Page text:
Twelve-volt marine batteries provide the power that is needed to operate trolling motors. There’re mainly two kinds of batteries in the market.
Car batteries are designed to provide a maximum amount of current in short bursts. These batteries are designed this way to provide the needed current to turn over the cars engine. Then when the motor starts the alternator takes over and provides power for the car. With this type of system a car battery may never be drained more than 20% of it’s total capacity. When used this way a car battery can last for years. Not to get too technical but a car battery uses thin plates in order to increase it’s surface area and provide power.
Deep Cell Marine Batteries
Where car batteries are designed to provide short bursts of current a marine battery is designed to provide a steady amount of current over a long period of time. A deep cell battery can provide a surge when you need it but not near the surge a car battery can. Deep cell batteries are designed to be “Deeply Discharged” over and over again. Please catch this! Deep discharge of a car battery over and over will ruin the battery quickly! Thus “Up The Creek Without A Paddle” See where I’m going? Marine deep cell batteries can withstand several 100 total discharge/recharge cycles. While a car battery is not designed to be completely discharged. So how do I choose the right type of deep cell marine battery to meet my need?
Choosing The Right Battery
This can be a fairly simple process if you haven’t added additional aftermarket electrical equipment to your boat since you bought it. If everything is status quo and your current batteries were meeting your needs then replace them with the same Amp Hour rated deep cell battery. But, if you have added additional equipment your minimum Amp Hour requirement will naturally increase. This is where you need to discuss your current needs with a trained battery technician. When replacing trolling motor batteries you need to know that a 12 volt system requires a minimum of 1.1 to 1.2 amps per pound of thrust. A 24 volt system requires .85 to .95 amps per pound of thrust. And a 36 volt system requires .5 to .55 amps per pound of thrust. Once again this is where a trained battery tech can save you a lot of frustration and headaches. Now that I have the right batteries how do I recharge them?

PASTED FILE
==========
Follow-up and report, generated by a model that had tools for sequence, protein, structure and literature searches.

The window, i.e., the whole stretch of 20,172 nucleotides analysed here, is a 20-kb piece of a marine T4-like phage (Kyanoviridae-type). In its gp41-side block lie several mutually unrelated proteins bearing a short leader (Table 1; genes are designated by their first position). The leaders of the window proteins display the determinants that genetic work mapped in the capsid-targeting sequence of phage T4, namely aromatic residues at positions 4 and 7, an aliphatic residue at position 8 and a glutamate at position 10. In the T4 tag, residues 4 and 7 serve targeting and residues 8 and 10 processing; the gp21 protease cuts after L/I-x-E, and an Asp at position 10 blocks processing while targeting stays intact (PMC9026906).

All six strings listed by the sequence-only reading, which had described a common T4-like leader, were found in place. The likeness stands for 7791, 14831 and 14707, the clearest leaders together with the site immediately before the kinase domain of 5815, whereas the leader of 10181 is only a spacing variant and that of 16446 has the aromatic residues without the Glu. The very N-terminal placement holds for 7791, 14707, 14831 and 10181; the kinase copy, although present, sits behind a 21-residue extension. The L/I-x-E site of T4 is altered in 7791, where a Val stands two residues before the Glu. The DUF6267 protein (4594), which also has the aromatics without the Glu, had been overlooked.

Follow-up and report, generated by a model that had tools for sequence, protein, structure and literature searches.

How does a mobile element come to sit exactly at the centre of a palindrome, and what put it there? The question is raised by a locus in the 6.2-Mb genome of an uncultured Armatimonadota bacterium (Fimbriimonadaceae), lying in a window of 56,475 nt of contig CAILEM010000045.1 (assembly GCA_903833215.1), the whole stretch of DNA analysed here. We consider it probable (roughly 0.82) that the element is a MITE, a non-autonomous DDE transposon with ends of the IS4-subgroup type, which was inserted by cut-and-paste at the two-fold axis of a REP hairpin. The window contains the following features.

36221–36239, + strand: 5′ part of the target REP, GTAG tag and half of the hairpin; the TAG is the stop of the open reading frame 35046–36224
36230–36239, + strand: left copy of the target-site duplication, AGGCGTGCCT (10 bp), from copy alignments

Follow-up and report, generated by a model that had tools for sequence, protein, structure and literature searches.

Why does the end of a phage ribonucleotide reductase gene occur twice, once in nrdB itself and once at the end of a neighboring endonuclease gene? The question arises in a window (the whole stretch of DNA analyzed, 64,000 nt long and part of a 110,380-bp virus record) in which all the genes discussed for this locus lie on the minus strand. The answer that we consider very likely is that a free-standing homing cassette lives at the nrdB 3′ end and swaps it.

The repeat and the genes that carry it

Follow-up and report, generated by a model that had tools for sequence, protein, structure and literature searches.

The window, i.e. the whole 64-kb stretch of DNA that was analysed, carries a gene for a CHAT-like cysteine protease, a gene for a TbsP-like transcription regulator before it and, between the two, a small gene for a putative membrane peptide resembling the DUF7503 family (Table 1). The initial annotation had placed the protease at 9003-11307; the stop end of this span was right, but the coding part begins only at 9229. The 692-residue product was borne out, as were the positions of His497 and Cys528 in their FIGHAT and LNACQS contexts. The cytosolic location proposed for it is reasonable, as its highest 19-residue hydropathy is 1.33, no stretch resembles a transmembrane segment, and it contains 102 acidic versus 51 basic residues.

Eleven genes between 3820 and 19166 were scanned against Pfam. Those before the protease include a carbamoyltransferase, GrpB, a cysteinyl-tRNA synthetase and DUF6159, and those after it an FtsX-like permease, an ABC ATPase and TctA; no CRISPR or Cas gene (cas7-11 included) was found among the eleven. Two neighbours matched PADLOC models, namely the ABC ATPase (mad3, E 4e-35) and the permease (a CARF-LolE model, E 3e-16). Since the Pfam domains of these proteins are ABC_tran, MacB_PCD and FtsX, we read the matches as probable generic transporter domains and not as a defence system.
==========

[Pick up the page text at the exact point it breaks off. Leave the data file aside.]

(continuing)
Charging My Boat Batteries
Most bass boats manufactured today come equipped with onboard chargers. So for many of us as long as they are working correctly our need is already met. But what if the charger isn’t working correctly or your boat and you need to buy a new one? There are several different types of chargers on the market today that can be used to charge deep cell batteries. Most of them are parallel type chargers that have the capacity to taper the current (in amps) while regulating voltage at the same time. With so many brands on the market today here’s some suggestions that might help you.
(1) Choose the right charger that is made for the type of battery you intend to recharge. Such as (a) Liquid Electrolyte (b) Marine/RV (c) Auto (d) Maintenance free or gel batteries.
(2) Match the proper battery voltage such as 6 volt-12 volt-24 volt or 36 volt.
(3) Choose the correct charger size in Amps. A good rule of thumb is that the charger should provide a maximum of 20 amps for each 100 amp hour of the battery
(4) Your charger should be able to fully charge your batteries within 8 to 12 hours max.
(5) To avoid costly mistakes choose a charger that is timed or will automatically shut off when the battery reaches full charge.
This is important.
(1) Always charge your batteries immediately after you use them When you allow batteries to sit several days without recharging it will hamper the recharge acceptance and over a period of time shorten the life of your battery.
(2) Avoid trickle chargers. For the most part these chargers are low current inexpensive chargers that lack the sophisticated electronic circuitry to properly regulate current and voltage. When you use a charger like this Don’t use it for any length of time because battery damage can occur.
(3) Check your batteries water supply regularly. By doing this you can determine whether your onboard or external charger is operating the way it should. If your batteries are using excessive water your charger may be overheating and overcharging charging your batteries. If your running out of power quicker than normal you need to check not only the charger but your battery condition as well.